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An introduction to Pennsylvania System of State Assessments

THURSDAY, JANUARY 21, 2016 13:21 PM

Students and teachers in the Pennsylvania are preparing for the Pennsylvania System of School Assessments. This standardized testing helps parents, students and schools assess student learning before they move to the next grade and may provide insight into college readiness. Learn more about the testing below: 

What is the PSSA? 
The PSSA is a series of tests on knowledge in language arts, math and reading. Students in Grades 3 through 8 and 11 must take the tests to show what they have learned. The specific subjects are as follows:

  • 3rd grade: Reading and mathematics.
  • 4th grade: Reading, mathematics and science.
  • 5th grade: Reading, mathematics and writing.
  • 6th grade: Reading and mathematics.
  • 7th grade: Reading and mathematics.
  • 8th grade: Reading, mathematics, writing and science.
  • 11th grade: Reading, mathematics, writing and science.

Testing scores range from one to four. Students who earn a one are below the basic proficiency level on that particular test. A two indicates the student has a basic understanding of the material, and a score of three means the child learns at the level necessary to pass the grade. Students who earn a four have an advanced level of knowledge on the subject matter. The state would like all students to earn a three or higher to show they are competent and can effectively move to the next grade.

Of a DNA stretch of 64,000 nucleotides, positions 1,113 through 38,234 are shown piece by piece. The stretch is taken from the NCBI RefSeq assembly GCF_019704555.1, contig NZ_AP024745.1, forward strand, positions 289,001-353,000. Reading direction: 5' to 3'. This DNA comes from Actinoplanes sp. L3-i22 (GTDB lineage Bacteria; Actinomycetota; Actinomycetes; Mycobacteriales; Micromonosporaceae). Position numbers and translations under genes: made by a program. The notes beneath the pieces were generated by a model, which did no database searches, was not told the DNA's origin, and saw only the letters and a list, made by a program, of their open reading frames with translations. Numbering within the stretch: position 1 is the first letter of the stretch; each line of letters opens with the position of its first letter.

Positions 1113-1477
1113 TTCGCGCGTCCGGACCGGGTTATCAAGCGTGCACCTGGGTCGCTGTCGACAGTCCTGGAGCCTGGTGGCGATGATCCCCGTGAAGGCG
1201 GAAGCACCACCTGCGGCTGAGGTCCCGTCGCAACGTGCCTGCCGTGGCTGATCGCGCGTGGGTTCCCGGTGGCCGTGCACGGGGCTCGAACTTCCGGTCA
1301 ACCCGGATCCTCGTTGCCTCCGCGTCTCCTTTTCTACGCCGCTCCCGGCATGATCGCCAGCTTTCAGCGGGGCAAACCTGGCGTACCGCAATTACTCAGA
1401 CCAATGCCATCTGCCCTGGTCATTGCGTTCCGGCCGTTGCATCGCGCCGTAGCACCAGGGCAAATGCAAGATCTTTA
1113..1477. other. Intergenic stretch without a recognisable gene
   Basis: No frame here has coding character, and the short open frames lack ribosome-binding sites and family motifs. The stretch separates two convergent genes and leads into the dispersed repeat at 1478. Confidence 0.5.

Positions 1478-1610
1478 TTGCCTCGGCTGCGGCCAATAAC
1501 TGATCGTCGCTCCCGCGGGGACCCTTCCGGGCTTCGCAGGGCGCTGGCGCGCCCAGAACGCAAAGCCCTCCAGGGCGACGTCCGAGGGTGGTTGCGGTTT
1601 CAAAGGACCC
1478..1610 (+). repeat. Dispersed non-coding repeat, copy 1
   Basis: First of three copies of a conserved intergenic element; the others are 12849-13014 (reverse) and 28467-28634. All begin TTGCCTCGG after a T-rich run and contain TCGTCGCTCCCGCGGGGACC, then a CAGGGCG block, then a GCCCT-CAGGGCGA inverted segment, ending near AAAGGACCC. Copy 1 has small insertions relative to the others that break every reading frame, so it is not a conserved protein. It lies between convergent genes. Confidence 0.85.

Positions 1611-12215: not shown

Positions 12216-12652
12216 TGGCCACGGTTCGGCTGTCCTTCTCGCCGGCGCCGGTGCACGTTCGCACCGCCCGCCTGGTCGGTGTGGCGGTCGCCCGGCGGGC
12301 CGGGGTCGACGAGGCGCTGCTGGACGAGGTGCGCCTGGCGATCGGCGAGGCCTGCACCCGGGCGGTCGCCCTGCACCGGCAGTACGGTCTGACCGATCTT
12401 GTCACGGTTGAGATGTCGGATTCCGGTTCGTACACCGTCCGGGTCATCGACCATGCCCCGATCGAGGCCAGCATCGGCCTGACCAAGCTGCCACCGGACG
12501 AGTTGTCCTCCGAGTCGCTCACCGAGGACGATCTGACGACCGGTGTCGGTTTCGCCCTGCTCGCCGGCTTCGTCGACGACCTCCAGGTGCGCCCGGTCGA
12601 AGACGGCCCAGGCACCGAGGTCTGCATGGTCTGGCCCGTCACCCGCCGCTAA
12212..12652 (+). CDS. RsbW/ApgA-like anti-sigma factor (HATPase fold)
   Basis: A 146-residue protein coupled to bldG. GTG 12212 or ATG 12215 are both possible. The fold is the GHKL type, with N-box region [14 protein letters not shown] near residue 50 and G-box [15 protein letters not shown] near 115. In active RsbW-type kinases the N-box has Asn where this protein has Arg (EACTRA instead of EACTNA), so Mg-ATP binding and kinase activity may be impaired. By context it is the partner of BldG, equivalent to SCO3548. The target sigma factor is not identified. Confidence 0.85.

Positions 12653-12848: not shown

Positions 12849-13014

Why is the PSSA important? 
PSSA scoring helps school administrators compare their students to those across Pennsylvania. Teachers gain insight into what students learn by viewing the assessment scores. They can then change their methods or curricula to dig deeper into topics the students aren't grasping. The PSSA is also a way for secondary schools to better gauge if students have the base information they need to progress to college. Some postsecondary organizations even accept standardized testing like the PSSA as an entrance exam in lieu of the SAT or ACT.

How can you help your kids prepare?
As a parent, you want to offer your children the best chance to succeed on the PSSA. Thankfully, not much preparation is necessary outside of regular school hours. Pennsylvania teachers base their entire curricula off the standardized testing, so everything from homework assignments to projects and quizzes is helpful. These all provide the information students need to take the exams. For an extra boost, encourage your kids to try practice tests. Your children will become familiar with the types of questions on the tests, which may help alleviate nervousness and even improve their grades on the real exam.